Although the audits at the present time are just part of a pilot program, these audits will attempt to gather information to create and share the best practices learned from the audit process and provide guidance based upon the shortfalls found. As most experts do not think that covered entities, such as small medical offices, are prepared for such audits, it is expected that the HHS will find a fair amount of noncompliance. In part, this may be due to the regulations that have been updated or added frequently and the fact that technology is constantly changing.

If the HHS audits and there are minor adverse findings, HHS will work with that entity to take corrective steps. However, if there are serious deficiencies, the HHS is authorized under the law to do a formal enforcement action, which may include a settlement agreement with a corrective action plan or even a civil monetary penalty.

three things you didnt know about car insurance in ontario

Complicating the issue is the fact that Ontario car insurance rules are not very straightforward. Ontario uses a hybrid combination of tort insurance (one party can sue the other) and no-fault insurance.

With high rates and seemingly arbitrary rules, what little-known facts about car insurance in Ontario might be useful for you? Read on to find out!

Do not take too much insurance (in some cases)

Robust coverage is good, but it comes at a cost. Think about your risks and insure accordingly. By law, your insurance policy has $200,000 in 3rd party liability, but it is recommended that you carry more than that. Aim for $1,000,000 at least; $2,000,000 is better. If somebody decides to sue you, costs can add up very quickly.

At the same time, however, it is not always necessary to get comprehensive coverage. For example, if you have an older car, you might decide not to get this coverage. Skipping comprehensive coverage on an older car could reduce your monthly insurance premiums.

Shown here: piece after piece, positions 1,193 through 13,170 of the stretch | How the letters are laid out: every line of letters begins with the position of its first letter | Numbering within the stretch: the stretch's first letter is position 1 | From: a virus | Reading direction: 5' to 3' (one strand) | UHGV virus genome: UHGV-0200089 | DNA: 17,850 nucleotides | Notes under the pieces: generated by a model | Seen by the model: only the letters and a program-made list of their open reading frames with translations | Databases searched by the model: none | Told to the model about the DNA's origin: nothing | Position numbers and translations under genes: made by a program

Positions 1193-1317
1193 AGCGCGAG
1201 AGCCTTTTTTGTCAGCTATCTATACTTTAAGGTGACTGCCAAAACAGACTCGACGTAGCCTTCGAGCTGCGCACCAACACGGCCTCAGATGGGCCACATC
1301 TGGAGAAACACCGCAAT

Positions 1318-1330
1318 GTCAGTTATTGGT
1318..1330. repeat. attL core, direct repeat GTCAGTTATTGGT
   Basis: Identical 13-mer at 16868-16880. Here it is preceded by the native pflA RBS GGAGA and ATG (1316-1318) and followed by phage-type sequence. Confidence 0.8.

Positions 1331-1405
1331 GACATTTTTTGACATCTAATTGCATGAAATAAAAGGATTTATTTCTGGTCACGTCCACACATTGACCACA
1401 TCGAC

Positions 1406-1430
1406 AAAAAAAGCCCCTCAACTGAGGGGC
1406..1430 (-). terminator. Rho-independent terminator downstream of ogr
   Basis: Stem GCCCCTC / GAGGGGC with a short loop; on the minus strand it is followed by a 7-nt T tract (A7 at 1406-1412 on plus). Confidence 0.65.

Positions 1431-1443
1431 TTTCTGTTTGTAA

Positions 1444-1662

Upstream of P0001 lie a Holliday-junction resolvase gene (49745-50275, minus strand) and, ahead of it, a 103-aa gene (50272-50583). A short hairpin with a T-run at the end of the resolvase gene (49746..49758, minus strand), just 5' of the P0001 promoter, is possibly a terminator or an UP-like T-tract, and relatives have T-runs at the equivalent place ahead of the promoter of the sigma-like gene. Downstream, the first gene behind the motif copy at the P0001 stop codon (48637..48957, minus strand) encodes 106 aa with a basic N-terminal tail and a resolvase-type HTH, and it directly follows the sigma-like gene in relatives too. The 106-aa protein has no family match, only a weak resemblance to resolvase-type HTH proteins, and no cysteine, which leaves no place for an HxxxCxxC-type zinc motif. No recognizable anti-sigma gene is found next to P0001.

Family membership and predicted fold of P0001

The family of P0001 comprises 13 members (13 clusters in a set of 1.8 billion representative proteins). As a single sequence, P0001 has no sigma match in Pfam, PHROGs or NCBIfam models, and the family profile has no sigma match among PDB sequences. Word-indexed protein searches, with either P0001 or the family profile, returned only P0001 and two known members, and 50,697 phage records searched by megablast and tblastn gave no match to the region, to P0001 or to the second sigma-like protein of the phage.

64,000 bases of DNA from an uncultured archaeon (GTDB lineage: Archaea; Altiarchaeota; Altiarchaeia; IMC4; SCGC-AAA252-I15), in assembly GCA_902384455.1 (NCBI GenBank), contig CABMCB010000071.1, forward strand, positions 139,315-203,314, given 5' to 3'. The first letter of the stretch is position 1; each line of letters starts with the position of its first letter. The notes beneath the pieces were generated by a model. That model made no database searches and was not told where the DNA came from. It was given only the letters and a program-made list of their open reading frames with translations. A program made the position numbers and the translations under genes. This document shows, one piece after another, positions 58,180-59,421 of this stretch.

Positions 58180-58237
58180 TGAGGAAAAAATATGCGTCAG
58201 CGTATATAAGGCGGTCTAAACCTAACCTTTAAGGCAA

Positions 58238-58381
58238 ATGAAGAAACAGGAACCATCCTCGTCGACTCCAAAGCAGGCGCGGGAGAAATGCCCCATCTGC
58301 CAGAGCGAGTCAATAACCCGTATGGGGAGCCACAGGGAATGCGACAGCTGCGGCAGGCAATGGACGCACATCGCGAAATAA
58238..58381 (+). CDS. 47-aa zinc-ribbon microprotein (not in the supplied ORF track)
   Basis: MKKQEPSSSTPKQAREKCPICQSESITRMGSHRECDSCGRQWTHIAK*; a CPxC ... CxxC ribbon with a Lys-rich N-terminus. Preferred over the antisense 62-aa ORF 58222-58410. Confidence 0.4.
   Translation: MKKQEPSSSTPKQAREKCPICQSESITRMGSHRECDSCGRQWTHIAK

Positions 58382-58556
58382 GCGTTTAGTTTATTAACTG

On a new or leased vehicle, comprehensive coverage is usually a requirement.

Old car coverage can go UP! Classic car insurance rates in Ontario

The older your car, the less value it has, right? In most cases, but not always. There are two scenarios when older cars will have higher rates than new vehicles.

First, some older models of vehicles will be more expensive to insure because some models have a terrible insurance history. For example, they are prone to theft, so insuring them is risky.

Second, at some age (typically 20+ years) cars can be considered classic or antique vehicles, resulting in a special type of insurance coverage, such as classic car insurance or antique auto insurance. Only a few companies offer these types of car insurance in Ontario and, depending on your car and your driving habits (year-long vs. summer months only) car protection rates can be more expensive than mainstream vehicles.

Car insurance and rental cars

Many people are confused about rental vehicle insurance. You may think the insurance attached to your credit card is enough, but it’s not. It doesn’t cover 3rd party liability or damages to other people’s property. You also have to watch out for the rental agency’s collision damage waiver, which may not cover all the costs associated with an accident.